Wireworms. Wireworms have not become the crisis some expected after lindane was pulled from the market, but some fields do have populations at levels that may cause economic loss. Noticeable losses are often confined to small bare patches. Check bare patches to confirm the reason for missing plants. It could be cutworms, wireworms, disease or something else entirely — like Richardson ground squirrels, for example.
Growers do not have options to control wireworms in canola. Some cereal seed treatments can suppress wireworm damage, so fields known to be infested with high wireworm populations may be better seeded to cereals. However, wireworm damage tends to be higher in cereals than in canola. Wireworm rarely causes economic levels of damage in canola. In some cases, a few acres may be damaged but the rest of the field is OK.
Cutworms. South Alberta has had a few reported cases of cutworm, likely army cutworm, damage in alfalfa and winter cereals — fields with green growth in the fall. That threat seems to have subsided, and no cutworm damage has been reported in early-emerging canola in the region.
Any fields that had significant weed, crop or volunteer regrowth last fall should be carefully scouted for cutworm damage as canola emerges. We may be moving out of the risk from army cutworms, but other species have different cycles and preferences. Redbacked and pale western cutworms will not necessarily be in areas of fall growth. Pale western prefers loose soil and redbacked cutworm have shown a trend to pea stubble, but their preferences are not fully understood.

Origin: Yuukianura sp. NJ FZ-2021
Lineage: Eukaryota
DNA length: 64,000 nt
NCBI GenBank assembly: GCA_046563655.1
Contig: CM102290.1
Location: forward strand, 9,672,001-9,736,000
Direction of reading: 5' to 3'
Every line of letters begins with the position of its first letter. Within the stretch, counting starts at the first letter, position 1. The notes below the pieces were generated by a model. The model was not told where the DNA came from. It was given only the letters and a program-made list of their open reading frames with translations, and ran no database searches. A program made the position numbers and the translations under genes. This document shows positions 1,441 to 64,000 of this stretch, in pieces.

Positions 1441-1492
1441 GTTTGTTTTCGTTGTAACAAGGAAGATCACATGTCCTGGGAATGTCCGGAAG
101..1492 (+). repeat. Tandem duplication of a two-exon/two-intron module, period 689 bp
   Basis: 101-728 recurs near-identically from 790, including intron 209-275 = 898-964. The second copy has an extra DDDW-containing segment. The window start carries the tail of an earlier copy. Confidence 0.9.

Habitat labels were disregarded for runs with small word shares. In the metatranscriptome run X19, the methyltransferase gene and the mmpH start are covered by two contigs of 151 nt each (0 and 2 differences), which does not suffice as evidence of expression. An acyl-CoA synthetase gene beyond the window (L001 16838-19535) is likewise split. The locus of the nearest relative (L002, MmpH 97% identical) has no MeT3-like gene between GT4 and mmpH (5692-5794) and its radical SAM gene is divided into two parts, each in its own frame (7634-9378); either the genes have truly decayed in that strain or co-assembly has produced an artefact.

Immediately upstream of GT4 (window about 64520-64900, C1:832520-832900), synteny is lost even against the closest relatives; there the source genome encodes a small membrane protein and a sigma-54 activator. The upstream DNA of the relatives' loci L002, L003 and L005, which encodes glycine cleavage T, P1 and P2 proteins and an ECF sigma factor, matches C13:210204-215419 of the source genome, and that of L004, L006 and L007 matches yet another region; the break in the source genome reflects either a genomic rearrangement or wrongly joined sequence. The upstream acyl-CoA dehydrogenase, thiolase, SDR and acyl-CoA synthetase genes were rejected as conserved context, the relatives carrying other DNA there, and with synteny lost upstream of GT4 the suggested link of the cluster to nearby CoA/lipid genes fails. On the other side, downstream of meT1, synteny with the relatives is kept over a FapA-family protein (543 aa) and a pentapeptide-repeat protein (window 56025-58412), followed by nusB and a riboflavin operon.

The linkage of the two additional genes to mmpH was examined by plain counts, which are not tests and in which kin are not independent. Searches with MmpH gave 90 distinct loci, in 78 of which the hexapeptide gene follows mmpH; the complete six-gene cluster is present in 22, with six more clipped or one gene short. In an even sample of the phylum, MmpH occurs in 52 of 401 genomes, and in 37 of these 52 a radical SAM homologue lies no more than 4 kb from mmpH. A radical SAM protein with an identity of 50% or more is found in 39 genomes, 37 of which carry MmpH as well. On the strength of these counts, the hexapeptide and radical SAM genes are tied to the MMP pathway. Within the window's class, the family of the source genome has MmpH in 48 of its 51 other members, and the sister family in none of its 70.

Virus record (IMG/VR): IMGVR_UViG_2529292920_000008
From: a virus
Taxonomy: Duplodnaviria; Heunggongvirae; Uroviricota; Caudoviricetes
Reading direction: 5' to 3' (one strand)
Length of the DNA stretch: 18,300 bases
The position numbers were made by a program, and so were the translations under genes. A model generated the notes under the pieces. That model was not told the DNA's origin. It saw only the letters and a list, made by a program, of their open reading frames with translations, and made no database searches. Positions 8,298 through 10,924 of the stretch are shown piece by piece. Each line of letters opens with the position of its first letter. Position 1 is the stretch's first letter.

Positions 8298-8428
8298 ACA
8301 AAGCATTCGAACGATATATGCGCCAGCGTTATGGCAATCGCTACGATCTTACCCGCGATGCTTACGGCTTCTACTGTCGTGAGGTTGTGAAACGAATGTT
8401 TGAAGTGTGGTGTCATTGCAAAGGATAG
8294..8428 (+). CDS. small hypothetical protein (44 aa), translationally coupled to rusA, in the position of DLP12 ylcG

Flea beetles. With warm soils and moisture, canola emergence and establishment should be quick. Warm temperatures also lead to flea beetle emergence. Large flea beetle populations could possibly overwhelm seed treatments. Scout fields after emergence.
Leafhoppers and diamondback moths. These insects blow in on south winds, and just today winds from Texas have turned toward Manitoba. Central Texas is a common area where aster leafhoppers and diamondback moth winter in large numbers. These insects eventually blow into Western Canada in spring and summer when the south winds arrive.